Families & Friends of Addicts Coming Together

To stay or Walk away, that is the million-dollar question?

Families can often feel like bystanders watching in dismay as the addict’s actions and behaviours change, turning their loved ones into someone they barely recognise.

I can still hear my mother share how she felt in a film (Putting it into words) made by families sharing their experiences “I just wanted someone to come along, take her away and bring her back how she used to be”. But at that time the drugs had taken over my life and there was absolutely nothing my mother or loved ones could do. I was in complete denial about how my drug use had changed me. As far as I was concerned it was everyone and the world around me that had changed.

Years into my own recovery and without any warning I found the I was in the same position with my father that my mother had been in with me. I was that bystander, who felt powerless as alcohol had taken over his body and his mind turning him into someone I barely recognised.

Over the years I have seen families accessing support groups in search of answers or to try and work out what they can do to effect a “cure” and get their loved one back to normal. They hope for a quick fix, but sadly addiction can often be complex and hard to understand.

That’s why Family Support is vital

Families can be easily be distracted by the actions of the addict that they forget about themselves. They stop living their own lives and end up joining the addict on the merry-go-round of denial, anger, confusion, and blame.

  • Family support provides a space where families feel heard and listened to.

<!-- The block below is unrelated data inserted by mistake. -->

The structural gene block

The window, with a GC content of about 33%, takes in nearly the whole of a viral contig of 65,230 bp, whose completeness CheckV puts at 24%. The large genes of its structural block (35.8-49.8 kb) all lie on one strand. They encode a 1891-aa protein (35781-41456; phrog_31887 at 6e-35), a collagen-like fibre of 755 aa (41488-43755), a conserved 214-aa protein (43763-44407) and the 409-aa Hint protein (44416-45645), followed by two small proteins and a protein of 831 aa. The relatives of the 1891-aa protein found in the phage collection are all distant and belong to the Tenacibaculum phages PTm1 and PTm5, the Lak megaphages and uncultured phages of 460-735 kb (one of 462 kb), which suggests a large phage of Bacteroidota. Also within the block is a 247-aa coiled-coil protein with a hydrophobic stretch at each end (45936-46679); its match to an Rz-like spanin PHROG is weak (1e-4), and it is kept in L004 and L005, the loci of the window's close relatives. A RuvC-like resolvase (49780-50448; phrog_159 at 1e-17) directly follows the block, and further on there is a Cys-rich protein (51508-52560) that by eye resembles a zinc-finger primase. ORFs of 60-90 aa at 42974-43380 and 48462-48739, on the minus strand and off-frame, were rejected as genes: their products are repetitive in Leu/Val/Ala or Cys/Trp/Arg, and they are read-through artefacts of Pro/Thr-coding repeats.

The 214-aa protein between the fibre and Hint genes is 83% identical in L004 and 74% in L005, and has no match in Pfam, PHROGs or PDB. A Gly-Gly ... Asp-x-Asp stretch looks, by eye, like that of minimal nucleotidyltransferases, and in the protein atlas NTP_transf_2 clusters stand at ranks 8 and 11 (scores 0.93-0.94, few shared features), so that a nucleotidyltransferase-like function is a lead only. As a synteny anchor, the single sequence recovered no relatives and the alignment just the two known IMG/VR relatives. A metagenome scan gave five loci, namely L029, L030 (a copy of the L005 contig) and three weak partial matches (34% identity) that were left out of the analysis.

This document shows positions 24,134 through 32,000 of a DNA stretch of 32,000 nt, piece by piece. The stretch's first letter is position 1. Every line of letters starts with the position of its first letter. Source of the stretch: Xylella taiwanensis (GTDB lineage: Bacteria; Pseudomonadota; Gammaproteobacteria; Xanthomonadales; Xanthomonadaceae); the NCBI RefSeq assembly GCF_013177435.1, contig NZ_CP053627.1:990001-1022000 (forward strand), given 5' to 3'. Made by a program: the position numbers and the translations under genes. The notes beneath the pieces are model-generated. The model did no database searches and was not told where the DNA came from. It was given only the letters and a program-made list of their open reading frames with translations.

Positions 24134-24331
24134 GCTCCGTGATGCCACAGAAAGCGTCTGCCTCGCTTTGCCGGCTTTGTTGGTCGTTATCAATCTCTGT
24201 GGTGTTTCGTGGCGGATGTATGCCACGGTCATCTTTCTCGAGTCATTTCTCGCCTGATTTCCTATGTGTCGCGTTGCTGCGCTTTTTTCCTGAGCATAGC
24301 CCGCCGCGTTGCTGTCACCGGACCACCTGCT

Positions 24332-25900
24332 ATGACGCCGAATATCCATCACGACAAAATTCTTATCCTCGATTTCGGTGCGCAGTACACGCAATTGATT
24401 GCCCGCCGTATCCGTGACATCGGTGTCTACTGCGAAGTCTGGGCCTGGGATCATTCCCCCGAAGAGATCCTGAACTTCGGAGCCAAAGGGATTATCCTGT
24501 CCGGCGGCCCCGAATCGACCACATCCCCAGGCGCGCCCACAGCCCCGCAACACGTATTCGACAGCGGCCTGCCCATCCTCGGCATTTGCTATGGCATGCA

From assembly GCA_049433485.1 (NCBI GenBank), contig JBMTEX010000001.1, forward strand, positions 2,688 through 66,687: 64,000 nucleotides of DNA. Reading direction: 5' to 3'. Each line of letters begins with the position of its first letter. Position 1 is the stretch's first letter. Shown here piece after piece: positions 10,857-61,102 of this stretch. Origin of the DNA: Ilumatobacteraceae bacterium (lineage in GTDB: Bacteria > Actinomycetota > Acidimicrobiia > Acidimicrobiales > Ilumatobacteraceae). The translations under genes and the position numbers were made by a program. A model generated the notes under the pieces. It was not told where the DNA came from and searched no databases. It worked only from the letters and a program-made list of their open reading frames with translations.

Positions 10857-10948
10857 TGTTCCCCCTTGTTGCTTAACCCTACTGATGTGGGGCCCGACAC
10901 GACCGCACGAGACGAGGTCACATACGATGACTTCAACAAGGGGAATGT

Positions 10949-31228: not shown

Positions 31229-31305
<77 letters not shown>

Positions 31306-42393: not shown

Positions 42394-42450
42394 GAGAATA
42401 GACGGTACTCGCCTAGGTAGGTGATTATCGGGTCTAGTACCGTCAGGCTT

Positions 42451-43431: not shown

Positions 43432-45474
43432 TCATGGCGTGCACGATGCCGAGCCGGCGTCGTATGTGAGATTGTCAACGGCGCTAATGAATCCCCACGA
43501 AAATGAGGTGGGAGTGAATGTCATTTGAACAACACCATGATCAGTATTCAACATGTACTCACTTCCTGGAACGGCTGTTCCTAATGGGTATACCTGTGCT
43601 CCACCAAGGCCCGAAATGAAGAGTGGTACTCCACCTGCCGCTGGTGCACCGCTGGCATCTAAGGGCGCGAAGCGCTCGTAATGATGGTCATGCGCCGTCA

• Family support can help lighten the burden of those feelings of stigma and shame that often families carry around, unseen to the trained eye.
  • Family Support offers an opportunity for families to learn and understand about addiction, which in itself is complex and cannot be taught overnight or just in a classroom.
  • Family support provides opportunities to be surrounded by others who understand, there may be similarities in the story’s shared, but everyone’s journey is unique to them.

Families should never give up hope for recovery for their loved one—for recovery can and does happen every day.  I feel privileged and proud to be a walking reminder and to be part of a movement in Sheffield (Sheffield Recovery Community) that highlights and demonstrates that there IS life after substance abuse.

But whilst they are sitting on the sidelines waiting for their loved one to embrace recovery, families need to start embracing their own needs

Family support offers an opportunity to learn more about what may be happening to the addict. It can help them to make sense of what drives and motivates addict’s behaviours and help them to develop new ways of coping, which can help reduce the feelings of helplessness.

I firmly believe that even if the families have made a choice to either stay or walk away, they still need support to come to terms with the feelings of loss and pain, they deserve to be recognised.

Families and friends of addicts used to have a voice in Sheffield. We once had a thriving community of peer-led family support groups, that eventually came together to form the Sheffield Families and Friends Alliance Group.

Unfortunately, due to funding cuts and shifting priorities the focus on families and those affected by a loved one’s addiction slowly melted away, it was like the volume had been turned down on their voices.

The more and more I write about my story, I feel the increasing need to turn the volume back up and champion the support needs of Families & Friends affected by addiction. I am proud to be part of a new support group that starts, next Wednesday, this is me doing my bit for the often unseen victims of addiction.

Love Fordy

The groups will run via Zoom every Wednesday evening from 7 pm-8 pm, starting on 17th June. If you interested in attending, want links to the meeting or would like to know more about the group, please contact Mike Dixon on 07837446951

Remember, try not to be afraid of who you truly are, be proud of your recovery and remember, if you would like to subscribe to more posts, please go to https://www.shithappens.me.uk/contact/ and sign up, If you liked the post please share, if you don’t then do nothing and that’s ok too 

 

 

 

 

 

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